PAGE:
What it takes to perfect drone racing

By junior reporters Armaan Dayal and Sherrie Mak

From programming robots, to watching a drone race, there was a lot to see at Discovery Bay last month

By junior reporters Armaan Dayal and Sherrie Mak |

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Participants got the chance to make their own quadcopters – how cool is that?

Have you ever wondered how a drone works? If you were at Discovery Bay on Sunday April 15, then you might have found out. Last month, Epicland played host to a Stem (Science, Technology, Engineering, and Maths) workshop where people were taught how to make and fly a mini-drone, and where they got to watch as eight professional drone racers. Two junior reporters went along to the workshop to see what they could learn.

The air buzzed with excitement, and adults and youngsters alike stared wide-eyed at the two screens live-streams from the racing quadcopters in the air. The indoor drone racing event at Discovery Bay was the first of its kind in Hong Kong, and the crowd seemed elated to be there. Equally happy to have the crowd there was Epicland owners Karina Aswani and Koren Thomas, both of whom described the event as a great opportunity to bring drone racing, one of the hottest trends around, to Hong Kong.

For many participants at the workshop, it was the first time they had ever flown a drone
Photo: Armaan Dayal

For many of the primary school students taking part in the workshop, it was the first time they had ever had to put together and fly quadcopters. They had to assemble everything themselves, from the circuit boards to the propeller blades. It was clear from their enthusiasm that they were loving every minute of the workshop.

Later that Sunday, eight professional drone racers were brought in to show off their talents as they raced their way towards the finish line of a course full of brightly lit neon loops that had been set up around the building. The racers weren’t just flying their drones from the ground – they were piloting them thanks to the virtual reality (VR) goggles they had to wear. They had a first-person view of what and where their drones were – it was like they were on the drones themselves. As tricky as it sounds, the pilots seemed to get used to the course very quickly, and were soon flying past one another in a fast-paced race that made the crowd go wild. The sights and sounds of drones occasionally crashing into one another as they flew around Epicland made for a day that won’t be easily forgotten.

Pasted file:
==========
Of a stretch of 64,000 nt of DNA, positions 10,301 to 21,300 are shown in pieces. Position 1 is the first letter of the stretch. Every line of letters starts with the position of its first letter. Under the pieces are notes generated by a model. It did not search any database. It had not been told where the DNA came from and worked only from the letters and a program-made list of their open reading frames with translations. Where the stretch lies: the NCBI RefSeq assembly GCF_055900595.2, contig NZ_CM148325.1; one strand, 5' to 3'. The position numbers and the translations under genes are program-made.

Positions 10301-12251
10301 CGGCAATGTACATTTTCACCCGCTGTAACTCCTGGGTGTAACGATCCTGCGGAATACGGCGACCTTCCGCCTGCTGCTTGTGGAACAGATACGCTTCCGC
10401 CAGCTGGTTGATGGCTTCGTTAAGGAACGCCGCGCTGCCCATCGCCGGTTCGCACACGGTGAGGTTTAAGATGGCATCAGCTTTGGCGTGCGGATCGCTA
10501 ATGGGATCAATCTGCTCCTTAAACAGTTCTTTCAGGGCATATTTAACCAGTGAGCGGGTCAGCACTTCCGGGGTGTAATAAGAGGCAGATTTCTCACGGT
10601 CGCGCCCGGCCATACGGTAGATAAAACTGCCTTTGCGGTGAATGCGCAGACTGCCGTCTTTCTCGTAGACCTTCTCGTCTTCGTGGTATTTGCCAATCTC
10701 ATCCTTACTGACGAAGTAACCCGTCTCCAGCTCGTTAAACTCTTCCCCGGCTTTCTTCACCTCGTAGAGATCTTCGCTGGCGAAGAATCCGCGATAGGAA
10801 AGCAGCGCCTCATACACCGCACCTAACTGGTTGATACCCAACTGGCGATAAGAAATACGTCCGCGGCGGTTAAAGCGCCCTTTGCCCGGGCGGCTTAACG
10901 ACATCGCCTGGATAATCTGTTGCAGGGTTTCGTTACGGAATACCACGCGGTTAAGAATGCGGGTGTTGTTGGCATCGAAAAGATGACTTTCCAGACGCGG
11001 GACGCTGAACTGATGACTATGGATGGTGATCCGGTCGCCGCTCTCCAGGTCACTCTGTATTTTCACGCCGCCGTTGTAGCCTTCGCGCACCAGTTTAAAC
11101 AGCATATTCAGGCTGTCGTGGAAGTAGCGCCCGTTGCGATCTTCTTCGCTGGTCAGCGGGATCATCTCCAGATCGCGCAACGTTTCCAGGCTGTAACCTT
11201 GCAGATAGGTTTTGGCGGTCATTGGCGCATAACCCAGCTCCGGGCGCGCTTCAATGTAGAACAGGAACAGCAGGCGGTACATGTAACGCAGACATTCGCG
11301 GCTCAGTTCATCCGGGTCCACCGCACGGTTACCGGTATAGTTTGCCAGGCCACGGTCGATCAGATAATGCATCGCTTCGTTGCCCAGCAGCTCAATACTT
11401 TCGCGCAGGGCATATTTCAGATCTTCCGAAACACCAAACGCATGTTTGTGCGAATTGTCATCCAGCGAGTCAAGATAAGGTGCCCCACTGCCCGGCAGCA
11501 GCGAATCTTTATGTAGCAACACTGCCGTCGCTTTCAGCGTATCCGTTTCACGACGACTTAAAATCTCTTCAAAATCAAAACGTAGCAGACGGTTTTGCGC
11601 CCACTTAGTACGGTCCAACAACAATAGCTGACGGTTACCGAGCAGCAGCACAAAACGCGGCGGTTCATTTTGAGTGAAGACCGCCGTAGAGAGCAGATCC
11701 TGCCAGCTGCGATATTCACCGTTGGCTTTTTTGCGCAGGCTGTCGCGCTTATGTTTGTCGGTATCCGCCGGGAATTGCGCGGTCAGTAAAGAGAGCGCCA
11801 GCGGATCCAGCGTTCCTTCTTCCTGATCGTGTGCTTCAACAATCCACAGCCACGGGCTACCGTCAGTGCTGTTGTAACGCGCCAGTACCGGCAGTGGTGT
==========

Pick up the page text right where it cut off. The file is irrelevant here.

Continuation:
Armaan Dayal, 15, King George V School

We’ve all heard that Stem will take on an ever-more important role in our city’s development, right? That’s why workshops like this one, in collaboration with the SCMP, is important. The drone-making and coding workshops at Epicland last month was aimed at primary school students in the hopes of making them more aware of why Stem matters to how technology develops. The participants got to get play with drones and learn to code for robots. This was done using Scratch, a simple programming language. Once they knew the basics, they were able to programme their robots to drive through a maze. There was plenty of room inside Epicland for the drones to fly about – it’s a huge indoor entertainment centre, and lots of challenging tracks could be set up for the drones to complete when racing. Drone racing is a sport that combines VR and piloting. It’s not seen much in Hong Kong, but who knows – maybe Epicland will be where it all begins for the 852.

Students used a programming language called Scratch to control their robots
Photo: Armaan Dayal

Warrick Dainter, a drone pilot with 10 years of flying experience, commentated on the drone race, and talked to the people at the workshop about why it is important for young people to learn about drones. He said that a lot of different technologies are needed in a drone race – you need to make your drone perfect for you, and you need to make or customise your own VR goggles. It’s a sport that means you’ll meet lots of people that you might never have met otherwise, and you might make friends for life through the art of drone racing. Who knows – maybe we’ll see this sport become a citywide past time in Hong Kong in the future.

Sherrie Mak, 16, St. Clare’s Girls’ School

Edited by Ginny Wong

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